A sewage pipe is pulled along Niagara Street in James Bay in 2018 as part of the Capital Regional District’s wastewater treatment plant project. Over the next 10 years, the city will complete 78 new underground infrastructure projects, upgrading sewage, stormwater and water main pipes. (Black Press Media file photo)

A sewage pipe is pulled along Niagara Street in James Bay in 2018 as part of the Capital Regional District’s wastewater treatment plant project. Over the next 10 years, the city will complete 78 new underground infrastructure projects, upgrading sewage, stormwater and water main pipes. (Black Press Media file photo)

Construction begins on Victoria’s 10-year pipe replacement project

78 underground infrastructure projects will cost $53.8 million

Construction crews break ground this week on the first of 78 underground pipe replacement projects slated to be completed over the next 10 years in Victoria.

On the $53.8 million list are sanitary sewer, stormwater and water mains, all of which the city says require upgrading. Victoria has some of the oldest underground infrastructure in Canada, according to Mayor Lisa Helps, with some pipes installed more than 100 years ago.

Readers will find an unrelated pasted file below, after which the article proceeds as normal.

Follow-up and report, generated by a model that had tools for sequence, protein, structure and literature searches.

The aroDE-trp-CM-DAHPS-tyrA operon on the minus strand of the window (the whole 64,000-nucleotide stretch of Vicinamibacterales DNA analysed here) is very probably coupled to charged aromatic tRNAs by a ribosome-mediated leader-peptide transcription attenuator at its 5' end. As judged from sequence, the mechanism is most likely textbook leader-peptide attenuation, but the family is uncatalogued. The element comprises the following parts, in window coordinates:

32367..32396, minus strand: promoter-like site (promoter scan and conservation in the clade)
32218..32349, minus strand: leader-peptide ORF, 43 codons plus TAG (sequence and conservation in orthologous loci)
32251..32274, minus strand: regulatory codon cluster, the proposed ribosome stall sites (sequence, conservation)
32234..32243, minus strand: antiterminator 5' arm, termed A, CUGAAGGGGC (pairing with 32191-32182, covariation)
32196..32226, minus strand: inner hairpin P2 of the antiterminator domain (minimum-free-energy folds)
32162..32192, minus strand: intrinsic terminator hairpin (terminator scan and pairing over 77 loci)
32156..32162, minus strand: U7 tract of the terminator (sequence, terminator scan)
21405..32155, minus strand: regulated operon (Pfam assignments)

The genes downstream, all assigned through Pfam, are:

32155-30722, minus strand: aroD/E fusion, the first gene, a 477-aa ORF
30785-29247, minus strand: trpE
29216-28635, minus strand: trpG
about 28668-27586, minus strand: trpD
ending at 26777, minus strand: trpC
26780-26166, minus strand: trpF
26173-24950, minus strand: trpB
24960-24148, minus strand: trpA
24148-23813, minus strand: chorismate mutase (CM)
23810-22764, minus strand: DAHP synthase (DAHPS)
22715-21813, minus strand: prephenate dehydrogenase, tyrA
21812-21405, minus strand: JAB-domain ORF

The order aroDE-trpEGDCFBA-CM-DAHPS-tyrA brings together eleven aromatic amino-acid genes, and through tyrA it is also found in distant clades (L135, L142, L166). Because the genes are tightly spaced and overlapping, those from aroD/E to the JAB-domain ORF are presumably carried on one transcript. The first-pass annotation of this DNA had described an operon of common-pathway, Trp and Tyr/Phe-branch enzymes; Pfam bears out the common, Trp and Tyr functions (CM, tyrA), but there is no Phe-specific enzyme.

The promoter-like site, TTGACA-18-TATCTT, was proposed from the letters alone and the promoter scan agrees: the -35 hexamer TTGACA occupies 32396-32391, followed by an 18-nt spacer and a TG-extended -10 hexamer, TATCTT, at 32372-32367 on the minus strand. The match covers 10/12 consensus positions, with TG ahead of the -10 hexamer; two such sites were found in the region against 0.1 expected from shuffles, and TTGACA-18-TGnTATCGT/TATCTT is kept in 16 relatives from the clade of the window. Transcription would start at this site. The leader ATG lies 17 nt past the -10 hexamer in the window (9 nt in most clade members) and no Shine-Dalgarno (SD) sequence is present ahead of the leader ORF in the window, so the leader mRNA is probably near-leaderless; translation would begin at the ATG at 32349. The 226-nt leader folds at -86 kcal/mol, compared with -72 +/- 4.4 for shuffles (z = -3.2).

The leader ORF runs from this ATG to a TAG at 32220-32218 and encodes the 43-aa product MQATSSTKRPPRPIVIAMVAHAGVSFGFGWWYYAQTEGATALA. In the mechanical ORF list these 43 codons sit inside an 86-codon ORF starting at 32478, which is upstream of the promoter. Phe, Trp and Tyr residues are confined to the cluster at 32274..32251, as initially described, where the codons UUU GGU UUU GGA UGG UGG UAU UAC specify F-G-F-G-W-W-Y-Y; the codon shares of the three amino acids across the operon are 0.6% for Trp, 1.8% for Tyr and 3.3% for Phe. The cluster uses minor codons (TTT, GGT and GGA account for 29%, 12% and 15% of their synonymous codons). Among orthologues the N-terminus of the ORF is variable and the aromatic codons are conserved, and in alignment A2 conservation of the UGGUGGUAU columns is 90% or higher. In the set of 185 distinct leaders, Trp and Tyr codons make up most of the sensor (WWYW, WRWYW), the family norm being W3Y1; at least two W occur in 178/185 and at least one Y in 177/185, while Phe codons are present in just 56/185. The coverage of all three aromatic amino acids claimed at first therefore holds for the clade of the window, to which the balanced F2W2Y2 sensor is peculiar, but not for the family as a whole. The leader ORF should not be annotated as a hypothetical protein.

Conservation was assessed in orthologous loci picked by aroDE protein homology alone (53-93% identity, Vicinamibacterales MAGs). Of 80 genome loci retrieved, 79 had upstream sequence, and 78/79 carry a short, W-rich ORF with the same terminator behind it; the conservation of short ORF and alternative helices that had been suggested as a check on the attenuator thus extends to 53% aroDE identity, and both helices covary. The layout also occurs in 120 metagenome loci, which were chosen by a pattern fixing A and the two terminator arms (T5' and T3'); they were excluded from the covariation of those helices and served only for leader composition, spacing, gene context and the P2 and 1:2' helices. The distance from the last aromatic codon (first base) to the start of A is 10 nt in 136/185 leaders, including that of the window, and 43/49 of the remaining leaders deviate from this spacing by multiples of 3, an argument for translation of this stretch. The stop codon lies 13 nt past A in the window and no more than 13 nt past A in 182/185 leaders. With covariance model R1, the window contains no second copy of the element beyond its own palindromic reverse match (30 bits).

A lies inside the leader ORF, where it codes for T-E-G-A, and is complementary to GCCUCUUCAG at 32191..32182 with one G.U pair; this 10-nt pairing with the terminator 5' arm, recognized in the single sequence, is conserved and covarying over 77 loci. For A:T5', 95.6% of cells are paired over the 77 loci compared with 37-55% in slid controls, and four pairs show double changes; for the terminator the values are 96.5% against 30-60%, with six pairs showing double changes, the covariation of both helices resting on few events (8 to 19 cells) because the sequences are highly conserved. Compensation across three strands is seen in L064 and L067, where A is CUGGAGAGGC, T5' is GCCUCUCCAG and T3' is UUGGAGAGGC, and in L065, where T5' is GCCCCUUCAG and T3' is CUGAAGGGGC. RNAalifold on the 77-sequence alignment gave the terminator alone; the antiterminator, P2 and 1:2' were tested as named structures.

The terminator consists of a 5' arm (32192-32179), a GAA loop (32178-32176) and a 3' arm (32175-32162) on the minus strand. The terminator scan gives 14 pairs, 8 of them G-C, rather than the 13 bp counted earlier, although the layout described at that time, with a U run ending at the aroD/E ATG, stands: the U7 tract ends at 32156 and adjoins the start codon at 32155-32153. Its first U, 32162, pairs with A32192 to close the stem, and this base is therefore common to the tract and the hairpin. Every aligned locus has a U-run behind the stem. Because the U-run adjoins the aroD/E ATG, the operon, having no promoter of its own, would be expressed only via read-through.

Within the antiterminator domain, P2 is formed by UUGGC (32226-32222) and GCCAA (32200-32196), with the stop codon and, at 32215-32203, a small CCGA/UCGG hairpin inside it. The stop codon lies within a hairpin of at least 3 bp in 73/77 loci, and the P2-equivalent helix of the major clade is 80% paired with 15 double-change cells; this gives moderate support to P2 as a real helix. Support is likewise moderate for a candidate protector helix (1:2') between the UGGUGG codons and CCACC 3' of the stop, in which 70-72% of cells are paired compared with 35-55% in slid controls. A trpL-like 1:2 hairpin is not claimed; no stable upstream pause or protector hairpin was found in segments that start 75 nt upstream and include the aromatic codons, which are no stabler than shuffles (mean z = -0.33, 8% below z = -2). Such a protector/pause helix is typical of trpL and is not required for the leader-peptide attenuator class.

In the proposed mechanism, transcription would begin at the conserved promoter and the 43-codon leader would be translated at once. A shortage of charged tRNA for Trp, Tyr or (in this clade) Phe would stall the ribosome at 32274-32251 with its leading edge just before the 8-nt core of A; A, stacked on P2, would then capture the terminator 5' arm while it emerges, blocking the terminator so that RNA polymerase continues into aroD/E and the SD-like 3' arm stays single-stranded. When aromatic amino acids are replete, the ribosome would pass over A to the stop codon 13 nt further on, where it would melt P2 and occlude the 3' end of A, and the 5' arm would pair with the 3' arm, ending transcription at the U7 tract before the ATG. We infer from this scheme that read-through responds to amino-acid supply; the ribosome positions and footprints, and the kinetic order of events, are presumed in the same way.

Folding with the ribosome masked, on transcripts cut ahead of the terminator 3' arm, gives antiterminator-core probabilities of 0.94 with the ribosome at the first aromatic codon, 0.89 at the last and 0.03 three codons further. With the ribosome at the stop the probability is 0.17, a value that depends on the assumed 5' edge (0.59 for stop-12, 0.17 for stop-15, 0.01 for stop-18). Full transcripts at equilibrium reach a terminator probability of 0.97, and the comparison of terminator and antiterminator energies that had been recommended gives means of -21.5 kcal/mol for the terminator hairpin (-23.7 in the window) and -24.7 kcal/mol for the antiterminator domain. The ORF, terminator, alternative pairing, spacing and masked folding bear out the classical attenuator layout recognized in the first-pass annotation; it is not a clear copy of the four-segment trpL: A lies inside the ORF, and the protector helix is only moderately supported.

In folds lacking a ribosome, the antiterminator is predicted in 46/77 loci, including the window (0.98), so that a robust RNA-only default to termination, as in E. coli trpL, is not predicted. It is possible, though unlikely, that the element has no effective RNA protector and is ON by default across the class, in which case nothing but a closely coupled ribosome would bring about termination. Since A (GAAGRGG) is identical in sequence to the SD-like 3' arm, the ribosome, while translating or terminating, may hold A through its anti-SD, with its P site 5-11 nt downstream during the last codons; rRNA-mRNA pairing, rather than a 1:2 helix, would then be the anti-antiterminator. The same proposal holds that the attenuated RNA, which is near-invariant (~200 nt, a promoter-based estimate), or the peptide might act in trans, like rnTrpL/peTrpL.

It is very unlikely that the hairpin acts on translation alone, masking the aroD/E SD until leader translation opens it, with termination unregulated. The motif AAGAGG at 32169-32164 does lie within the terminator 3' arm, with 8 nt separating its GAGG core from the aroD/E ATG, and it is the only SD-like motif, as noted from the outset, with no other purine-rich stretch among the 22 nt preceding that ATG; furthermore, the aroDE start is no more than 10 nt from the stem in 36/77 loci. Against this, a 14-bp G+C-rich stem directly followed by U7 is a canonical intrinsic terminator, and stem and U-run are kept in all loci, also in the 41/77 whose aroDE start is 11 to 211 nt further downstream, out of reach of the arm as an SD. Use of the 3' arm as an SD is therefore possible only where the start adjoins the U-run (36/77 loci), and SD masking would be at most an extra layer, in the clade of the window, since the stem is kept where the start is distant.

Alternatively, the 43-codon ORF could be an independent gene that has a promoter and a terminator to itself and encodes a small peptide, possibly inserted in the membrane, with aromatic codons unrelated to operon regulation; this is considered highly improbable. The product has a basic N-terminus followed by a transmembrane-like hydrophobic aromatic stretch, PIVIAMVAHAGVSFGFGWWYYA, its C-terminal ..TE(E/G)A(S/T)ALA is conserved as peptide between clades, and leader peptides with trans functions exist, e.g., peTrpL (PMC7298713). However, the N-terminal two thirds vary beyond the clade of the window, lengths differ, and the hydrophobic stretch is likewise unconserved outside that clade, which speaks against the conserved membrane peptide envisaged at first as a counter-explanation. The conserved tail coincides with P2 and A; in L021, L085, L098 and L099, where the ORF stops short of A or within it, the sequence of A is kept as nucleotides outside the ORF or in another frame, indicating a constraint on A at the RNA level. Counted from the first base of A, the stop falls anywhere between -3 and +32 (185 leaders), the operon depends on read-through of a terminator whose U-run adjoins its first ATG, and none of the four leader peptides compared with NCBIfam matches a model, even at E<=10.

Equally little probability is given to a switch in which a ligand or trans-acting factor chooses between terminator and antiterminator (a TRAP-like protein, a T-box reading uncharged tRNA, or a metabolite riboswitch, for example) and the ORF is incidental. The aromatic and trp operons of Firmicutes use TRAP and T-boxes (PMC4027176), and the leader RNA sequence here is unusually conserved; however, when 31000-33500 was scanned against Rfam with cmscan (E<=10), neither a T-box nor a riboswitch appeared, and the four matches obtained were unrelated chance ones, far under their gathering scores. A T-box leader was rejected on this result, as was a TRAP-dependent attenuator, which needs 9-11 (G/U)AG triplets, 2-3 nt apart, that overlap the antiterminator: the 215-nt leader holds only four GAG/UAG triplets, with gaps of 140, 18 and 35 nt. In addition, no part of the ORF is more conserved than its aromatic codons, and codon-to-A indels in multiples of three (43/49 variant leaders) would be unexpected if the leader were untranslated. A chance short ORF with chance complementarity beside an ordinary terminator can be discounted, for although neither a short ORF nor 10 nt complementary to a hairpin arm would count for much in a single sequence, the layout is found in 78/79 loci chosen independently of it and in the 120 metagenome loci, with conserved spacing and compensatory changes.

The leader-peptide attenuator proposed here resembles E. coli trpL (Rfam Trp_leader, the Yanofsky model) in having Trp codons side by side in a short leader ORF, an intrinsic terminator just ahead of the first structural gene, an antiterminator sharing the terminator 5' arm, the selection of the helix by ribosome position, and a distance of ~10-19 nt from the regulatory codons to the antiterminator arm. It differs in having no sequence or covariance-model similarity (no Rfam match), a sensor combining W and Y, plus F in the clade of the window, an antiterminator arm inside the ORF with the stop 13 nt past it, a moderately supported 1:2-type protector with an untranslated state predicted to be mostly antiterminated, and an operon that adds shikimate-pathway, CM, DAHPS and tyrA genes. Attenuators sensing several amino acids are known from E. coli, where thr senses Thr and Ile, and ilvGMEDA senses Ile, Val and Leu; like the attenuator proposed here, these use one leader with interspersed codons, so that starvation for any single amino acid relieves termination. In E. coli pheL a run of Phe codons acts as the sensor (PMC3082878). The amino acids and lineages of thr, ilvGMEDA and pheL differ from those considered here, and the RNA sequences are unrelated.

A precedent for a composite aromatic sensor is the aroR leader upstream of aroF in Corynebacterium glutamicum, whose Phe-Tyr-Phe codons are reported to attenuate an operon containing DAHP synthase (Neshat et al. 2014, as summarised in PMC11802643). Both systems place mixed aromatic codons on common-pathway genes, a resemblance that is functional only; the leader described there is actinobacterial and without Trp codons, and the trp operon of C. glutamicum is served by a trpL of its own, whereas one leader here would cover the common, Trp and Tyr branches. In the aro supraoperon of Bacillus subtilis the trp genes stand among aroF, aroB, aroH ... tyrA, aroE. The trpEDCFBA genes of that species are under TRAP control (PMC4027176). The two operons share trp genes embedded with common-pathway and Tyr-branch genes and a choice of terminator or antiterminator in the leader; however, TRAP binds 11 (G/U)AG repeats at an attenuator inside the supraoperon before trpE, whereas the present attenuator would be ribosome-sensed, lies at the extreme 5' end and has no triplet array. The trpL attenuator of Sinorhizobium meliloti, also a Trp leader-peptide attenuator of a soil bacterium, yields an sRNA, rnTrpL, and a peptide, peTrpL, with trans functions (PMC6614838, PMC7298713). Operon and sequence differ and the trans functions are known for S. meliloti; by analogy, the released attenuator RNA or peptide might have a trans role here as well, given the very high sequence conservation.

Of the $53.8 million, the federal government is contributing $15.3 million from its Disaster Mitigation and Adaption Fund.

“It’s important to invest in infrastructure projects that help communities better prepare for natural disasters like floods and earthquakes,” said Environment Minister Jonathan Wilkinson in a statement. The upgraded pipes will also help protect against sea level rise and extreme storms, which are expected as climate change progresses, Helps said.

READ ALSO: Oak Bay looks to shift car culture with speed limit pilot

The first project takes place along Cook Street from Hilda to McClure streets, followed by upgrades along Superior Street between Oswego and Menzies streets, slated to begin this spring. Over the summer and fall, projects will begin along Dallas Road, Yates Street and a separate section of Cook Street.

Residents and businesses will be notified ahead of the work and resident access will be maintained during any temporary road closures, the city said.

READ ALSO: University of Victoria women’s rowing coach resigns by mutual agreement


 

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